Before a child can learn to manage money, they’ve got to earn it. And not only earn it, but understand the ins and outs of earning money in general.

Kids need to know things like:

  • Money is earned
  • The difference between salary and hourly income
  • People can get paid weekly, bi-weekly, or monthly
  • The difference between gross and net pay
  • How to set up direct deposit of paychecks into my checking account
  • How to take advantage of a matching contribution to my 401(k)-retirement account from my employer
  • The difference between merit raises and cost of living increases
  • My earnings are taxed by the U.S. government
  • States have different income tax levels (and several states have none)
  • I have to file personal tax returns each year
  • How to create a resume
  • How to apply for a job
  • To look up the cost of living before taking a job
  • Some jobs only consider college graduates, while other jobs accept high school/GEDs graduates
  • I can negotiate my income when I receive a job offer
  • How to negotiate other benefits in a job offer package besides salary
  • How to secure references for future job applications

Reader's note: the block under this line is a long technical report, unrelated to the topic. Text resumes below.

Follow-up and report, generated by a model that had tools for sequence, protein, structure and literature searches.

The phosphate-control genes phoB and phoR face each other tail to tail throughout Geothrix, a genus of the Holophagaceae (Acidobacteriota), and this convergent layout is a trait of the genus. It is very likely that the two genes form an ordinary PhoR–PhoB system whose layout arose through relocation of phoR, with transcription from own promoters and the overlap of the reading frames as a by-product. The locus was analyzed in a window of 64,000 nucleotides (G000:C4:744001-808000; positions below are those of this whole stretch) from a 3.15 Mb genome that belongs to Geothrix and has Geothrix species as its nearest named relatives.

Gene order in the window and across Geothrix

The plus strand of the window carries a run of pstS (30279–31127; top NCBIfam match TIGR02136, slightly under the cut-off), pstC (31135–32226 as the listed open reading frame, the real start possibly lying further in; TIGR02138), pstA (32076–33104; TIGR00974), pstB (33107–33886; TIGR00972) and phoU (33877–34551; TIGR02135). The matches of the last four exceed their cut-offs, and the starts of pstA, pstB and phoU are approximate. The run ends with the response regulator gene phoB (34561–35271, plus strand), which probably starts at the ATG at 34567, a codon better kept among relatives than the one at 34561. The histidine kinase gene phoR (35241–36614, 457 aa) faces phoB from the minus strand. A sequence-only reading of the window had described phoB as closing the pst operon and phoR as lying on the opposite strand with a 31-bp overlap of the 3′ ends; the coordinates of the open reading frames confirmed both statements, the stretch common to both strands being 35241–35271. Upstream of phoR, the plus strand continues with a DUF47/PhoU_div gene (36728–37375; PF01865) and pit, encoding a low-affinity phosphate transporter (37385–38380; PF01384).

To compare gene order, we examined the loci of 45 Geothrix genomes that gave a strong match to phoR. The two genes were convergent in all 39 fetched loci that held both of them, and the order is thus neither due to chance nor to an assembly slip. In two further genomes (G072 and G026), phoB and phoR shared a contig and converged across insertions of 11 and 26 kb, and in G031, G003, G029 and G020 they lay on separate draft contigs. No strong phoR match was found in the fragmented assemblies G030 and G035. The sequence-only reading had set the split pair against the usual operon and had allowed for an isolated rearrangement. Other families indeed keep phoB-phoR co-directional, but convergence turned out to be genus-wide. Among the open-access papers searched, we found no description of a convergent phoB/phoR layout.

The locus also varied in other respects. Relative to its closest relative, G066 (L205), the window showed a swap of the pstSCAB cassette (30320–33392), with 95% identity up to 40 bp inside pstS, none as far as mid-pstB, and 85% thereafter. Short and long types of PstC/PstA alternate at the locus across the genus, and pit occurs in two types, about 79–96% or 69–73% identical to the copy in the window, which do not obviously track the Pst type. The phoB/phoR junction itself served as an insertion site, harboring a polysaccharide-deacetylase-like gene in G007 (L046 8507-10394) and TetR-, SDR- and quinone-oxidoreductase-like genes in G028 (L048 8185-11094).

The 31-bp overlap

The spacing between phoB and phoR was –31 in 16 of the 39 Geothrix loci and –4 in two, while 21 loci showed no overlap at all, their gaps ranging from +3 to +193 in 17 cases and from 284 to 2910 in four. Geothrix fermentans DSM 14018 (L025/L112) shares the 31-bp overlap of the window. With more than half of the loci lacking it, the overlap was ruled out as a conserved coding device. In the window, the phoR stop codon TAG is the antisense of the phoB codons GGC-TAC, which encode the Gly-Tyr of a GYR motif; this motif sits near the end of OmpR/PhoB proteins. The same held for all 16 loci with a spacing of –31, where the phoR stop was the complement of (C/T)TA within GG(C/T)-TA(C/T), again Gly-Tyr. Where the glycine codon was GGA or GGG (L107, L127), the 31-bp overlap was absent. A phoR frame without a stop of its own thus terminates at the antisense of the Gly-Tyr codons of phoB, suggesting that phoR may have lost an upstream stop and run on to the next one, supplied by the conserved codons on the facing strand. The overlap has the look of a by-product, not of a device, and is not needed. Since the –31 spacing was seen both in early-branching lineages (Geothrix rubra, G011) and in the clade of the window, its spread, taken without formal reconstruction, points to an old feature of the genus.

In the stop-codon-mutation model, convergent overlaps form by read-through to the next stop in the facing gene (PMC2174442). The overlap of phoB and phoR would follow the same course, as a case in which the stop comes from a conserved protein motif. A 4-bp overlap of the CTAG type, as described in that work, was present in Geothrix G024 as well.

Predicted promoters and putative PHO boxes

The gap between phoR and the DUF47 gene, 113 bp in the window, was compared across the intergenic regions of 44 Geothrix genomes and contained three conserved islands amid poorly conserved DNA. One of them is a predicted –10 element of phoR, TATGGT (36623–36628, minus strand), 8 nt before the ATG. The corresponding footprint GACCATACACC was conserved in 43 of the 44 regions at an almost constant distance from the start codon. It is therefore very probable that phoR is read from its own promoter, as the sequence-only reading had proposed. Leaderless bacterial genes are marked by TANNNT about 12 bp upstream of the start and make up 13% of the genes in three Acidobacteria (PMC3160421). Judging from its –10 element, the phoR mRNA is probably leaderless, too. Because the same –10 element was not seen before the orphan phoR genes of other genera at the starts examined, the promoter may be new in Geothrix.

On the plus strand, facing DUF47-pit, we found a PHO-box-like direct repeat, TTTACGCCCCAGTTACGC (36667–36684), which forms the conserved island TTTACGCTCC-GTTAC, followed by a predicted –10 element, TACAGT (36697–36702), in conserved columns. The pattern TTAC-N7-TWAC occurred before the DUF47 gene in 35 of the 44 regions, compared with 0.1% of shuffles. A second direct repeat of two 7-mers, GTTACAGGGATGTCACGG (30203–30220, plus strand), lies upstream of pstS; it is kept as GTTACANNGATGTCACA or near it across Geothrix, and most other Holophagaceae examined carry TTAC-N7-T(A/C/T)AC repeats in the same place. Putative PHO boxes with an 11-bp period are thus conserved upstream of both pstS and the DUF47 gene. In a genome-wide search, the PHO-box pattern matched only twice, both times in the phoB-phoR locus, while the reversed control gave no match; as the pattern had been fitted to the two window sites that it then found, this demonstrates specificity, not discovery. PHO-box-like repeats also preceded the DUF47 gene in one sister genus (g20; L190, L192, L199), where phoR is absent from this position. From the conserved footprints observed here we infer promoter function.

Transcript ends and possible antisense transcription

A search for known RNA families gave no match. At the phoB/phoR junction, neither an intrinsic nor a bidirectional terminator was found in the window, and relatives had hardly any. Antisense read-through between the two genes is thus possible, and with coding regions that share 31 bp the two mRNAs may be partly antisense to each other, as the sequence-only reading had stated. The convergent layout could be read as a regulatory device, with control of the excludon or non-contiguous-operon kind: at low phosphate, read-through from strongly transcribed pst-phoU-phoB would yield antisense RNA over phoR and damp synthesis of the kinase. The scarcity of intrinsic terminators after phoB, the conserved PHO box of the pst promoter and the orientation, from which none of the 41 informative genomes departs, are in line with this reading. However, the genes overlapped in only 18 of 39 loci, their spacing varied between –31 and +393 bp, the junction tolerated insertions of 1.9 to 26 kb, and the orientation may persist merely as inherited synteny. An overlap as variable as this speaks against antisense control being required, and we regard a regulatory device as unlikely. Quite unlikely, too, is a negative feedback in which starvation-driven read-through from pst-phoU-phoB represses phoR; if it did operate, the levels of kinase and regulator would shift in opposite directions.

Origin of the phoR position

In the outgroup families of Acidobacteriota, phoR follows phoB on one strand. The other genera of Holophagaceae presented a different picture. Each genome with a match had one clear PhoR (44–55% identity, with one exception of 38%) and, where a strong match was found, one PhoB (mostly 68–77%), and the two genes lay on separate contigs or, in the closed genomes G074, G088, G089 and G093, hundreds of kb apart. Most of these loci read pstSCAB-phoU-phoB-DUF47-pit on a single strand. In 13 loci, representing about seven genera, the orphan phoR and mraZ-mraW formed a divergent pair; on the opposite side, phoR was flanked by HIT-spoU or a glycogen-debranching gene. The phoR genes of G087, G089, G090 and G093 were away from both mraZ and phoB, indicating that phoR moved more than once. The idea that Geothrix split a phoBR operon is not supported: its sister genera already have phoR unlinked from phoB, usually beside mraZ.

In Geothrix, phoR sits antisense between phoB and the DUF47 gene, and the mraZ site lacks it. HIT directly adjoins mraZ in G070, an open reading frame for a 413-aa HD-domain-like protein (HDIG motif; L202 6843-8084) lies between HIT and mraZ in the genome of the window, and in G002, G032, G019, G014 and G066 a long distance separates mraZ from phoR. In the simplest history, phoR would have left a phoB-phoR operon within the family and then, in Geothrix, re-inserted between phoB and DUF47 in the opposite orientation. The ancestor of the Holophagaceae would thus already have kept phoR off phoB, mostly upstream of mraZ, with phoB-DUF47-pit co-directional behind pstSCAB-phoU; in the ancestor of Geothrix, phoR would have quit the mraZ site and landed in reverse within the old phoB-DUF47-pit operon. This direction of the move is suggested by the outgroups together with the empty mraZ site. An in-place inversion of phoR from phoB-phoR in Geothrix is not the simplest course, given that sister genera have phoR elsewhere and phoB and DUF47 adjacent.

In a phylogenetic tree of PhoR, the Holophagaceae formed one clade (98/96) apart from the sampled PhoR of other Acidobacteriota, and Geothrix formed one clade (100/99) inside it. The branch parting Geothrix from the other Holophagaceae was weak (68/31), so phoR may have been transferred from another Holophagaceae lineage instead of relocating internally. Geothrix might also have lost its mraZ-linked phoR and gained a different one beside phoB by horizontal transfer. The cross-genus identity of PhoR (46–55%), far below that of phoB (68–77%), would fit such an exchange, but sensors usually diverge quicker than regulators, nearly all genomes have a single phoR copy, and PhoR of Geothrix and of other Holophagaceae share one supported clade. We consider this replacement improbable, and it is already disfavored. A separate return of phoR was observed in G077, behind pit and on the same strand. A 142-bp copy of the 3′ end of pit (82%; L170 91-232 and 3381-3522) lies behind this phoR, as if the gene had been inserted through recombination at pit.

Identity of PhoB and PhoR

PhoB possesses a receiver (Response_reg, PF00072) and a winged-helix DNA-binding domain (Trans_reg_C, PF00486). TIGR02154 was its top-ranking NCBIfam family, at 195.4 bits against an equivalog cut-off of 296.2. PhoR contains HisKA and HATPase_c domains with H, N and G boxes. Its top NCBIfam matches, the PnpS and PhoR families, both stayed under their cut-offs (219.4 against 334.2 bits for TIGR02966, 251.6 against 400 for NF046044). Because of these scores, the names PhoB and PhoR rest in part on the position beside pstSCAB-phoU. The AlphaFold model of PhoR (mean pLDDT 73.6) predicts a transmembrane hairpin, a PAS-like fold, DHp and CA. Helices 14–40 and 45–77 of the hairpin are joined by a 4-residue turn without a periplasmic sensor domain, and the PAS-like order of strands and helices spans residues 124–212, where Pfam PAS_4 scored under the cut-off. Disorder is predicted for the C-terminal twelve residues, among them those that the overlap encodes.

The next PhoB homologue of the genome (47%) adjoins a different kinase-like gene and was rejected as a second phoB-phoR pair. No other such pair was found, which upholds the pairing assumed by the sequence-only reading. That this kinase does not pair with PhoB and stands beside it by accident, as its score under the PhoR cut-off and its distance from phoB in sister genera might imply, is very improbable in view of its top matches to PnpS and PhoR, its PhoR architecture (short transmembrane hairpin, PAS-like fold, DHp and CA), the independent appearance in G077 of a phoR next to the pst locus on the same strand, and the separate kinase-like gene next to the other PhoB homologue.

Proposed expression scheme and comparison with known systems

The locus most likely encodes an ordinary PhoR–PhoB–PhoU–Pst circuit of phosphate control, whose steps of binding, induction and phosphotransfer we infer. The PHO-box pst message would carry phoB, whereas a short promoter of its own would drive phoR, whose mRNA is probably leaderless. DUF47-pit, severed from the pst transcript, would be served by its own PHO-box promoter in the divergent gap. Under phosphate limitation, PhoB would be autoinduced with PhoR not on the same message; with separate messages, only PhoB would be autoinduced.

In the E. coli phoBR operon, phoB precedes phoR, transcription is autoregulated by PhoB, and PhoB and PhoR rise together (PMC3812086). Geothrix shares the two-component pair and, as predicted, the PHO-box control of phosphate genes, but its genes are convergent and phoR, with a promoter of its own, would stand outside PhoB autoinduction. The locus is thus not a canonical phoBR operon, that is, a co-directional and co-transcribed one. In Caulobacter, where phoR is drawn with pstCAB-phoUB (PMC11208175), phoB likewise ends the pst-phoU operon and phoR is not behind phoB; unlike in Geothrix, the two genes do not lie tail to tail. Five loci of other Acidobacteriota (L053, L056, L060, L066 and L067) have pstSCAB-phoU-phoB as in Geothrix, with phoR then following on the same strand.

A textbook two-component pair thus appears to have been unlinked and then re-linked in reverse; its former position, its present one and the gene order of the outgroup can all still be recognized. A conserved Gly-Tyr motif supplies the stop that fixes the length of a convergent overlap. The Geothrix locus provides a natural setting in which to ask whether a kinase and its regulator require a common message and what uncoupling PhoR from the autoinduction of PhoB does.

• What passive income is
  • That you need a business plan before starting a business
  • Starting a business costs money and has risks
  • Businesses need customers who want what I want to sell (product, or service)
  • The difference between gross and net profit
  • Business owners must file additional tax documents each year

3. Spend Your Money

If your kid can make a transaction, then they understand how to spend money, right?

Well…not entirely. There are lots of specifics to learn about spending money.

Kids need to know things like:

  • The difference between a need and a want
  • That if I spend my money on one thing, it means I’m saying no to something else (opportunity costs)
  • The difference between buying something new and used
  • That much of what I spend my money on gets taxed added to it
  • How to read a store receipt
  • How to return a product to a store
  • How to use a coupon
  • The difference between a store coupon and a manufacturer coupon
  • How to submit a rebate
  • How to compare prices of same-sized products